My teenage organ student—a talented pianist—and I sat at the organ bench together. He was new to the instrument, but had gotten the idea of legato touch down very well. Too well, it seemed. As he played through his well-practiced hymn the characteristic choppiness of pianists at the organ was pleasantly absent. Unfortunately though, there was not one single break between any of the notes. It was a good thing taken too far.
I complimented him for his ability to play smoothly, then explained the concept of taking breaks, of playing the text as if you were singing the hymn, of letting the organ breathe. He listened carefully as I played the hymn, taking my hands and feet completely off the keys at times, letting the organ ‘breathe’ as if it were singing the hymns with the limitations of human lungs. He understood and was able to repeat what I had done, but after a time turned to me and said, “I don’t like having silence in the middle of the hymn. Won’t that be distracting to the congregation?”
His response reminded me of this quote from Austrian classical pianist Artur Schnabel:
The notes I handle no better than many pianists. But the pauses between the notes—ah, that is where the art resides.
And so it is with the organ. The well-timed moments of silence separate the organists from the organ players. But it is a little unsettling at first, if not downright scary, to let go of those keys and hear nothing in the middle of a congregational hymn.
Thinking of the organ as a wind instrument rather than a keyboard instrument may make the concept easier to understand and incorporate. And the human voice is one of the finest wind instruments we have. My first organ teacher taught me to approach the hymn the same way a trained vocalist would, studying the text of each verse and noting appropriate places to breathe. Here’s an example of how I mark a hymn to help me remember where to place my breaks:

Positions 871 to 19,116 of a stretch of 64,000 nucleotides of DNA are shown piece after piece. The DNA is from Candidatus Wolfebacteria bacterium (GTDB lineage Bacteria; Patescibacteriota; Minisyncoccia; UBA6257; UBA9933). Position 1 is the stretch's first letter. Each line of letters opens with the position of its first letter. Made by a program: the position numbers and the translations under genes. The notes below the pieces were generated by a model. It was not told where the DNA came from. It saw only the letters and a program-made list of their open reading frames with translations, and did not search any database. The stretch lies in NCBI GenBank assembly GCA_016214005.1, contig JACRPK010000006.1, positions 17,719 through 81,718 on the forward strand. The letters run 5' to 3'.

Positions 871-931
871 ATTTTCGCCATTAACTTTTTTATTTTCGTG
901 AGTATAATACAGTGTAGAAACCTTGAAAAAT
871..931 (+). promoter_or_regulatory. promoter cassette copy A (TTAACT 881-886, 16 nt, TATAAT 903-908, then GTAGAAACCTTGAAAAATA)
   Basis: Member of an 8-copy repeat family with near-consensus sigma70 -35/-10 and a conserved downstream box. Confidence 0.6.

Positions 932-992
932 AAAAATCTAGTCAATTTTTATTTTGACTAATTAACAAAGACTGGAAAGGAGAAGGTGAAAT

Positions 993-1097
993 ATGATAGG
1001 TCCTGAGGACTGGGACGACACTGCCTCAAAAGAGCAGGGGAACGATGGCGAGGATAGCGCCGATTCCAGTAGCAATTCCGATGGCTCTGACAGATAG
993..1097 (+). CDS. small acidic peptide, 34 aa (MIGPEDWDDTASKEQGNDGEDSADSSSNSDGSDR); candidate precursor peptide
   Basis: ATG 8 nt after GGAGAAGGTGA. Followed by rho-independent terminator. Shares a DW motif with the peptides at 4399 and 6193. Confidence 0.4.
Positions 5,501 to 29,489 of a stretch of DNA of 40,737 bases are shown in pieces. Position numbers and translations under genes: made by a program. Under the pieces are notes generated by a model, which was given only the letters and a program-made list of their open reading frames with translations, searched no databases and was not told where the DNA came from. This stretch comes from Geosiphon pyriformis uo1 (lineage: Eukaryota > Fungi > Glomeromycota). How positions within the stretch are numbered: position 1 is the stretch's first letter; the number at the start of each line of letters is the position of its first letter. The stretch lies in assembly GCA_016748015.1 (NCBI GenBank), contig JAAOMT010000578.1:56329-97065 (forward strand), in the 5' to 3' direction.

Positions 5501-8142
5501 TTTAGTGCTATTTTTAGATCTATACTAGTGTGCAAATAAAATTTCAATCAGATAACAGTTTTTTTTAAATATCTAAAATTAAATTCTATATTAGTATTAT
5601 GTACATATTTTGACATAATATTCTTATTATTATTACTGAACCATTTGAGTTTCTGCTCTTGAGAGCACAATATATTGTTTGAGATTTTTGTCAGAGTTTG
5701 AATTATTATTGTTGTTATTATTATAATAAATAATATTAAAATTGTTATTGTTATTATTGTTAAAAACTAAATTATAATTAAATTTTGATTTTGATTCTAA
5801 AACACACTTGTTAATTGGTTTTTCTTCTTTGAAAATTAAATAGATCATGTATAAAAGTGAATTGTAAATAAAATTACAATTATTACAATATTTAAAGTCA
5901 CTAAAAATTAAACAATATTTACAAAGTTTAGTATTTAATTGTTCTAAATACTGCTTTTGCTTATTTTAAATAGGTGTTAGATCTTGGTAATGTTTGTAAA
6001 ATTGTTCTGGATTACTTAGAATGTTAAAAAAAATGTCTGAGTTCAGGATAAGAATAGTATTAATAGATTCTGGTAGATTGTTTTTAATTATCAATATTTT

Sometimes these breaths are just brief pauses. But often they need to be long deep breaths. For example, in the first verse of Come, Ye Children of the Lord I would release for just an eighth rest between Lord and Let while allowing for a full quarter rest (yes, a full quarter note value of silence!) after accord. In the 2nd verse I would not break between be and When in order to help retain the continuity of thought in the text.
If you’re not convinced that silence is an important part of organ music, next time you listen to general conference or Music and the Spoken Word check it out. Listen for the ‘breathing’ of the organ. Notice when the breaks come. Are they short pauses, or bold breaks? What is the relationship between the silence and the musical phrasing? Between silence and the text phrasing?
If you’re not used to it, this silence may seem deafening during practice time in an empty chapel. But the end result is amazing. When the hymns are played with appropriately placed breaks, it is as if the organist and the congregation are joined together in singing, worshiping in unity.
“Behold, how good and how pleasant it is for brethren to dwell together in unity!” Psalm 133:1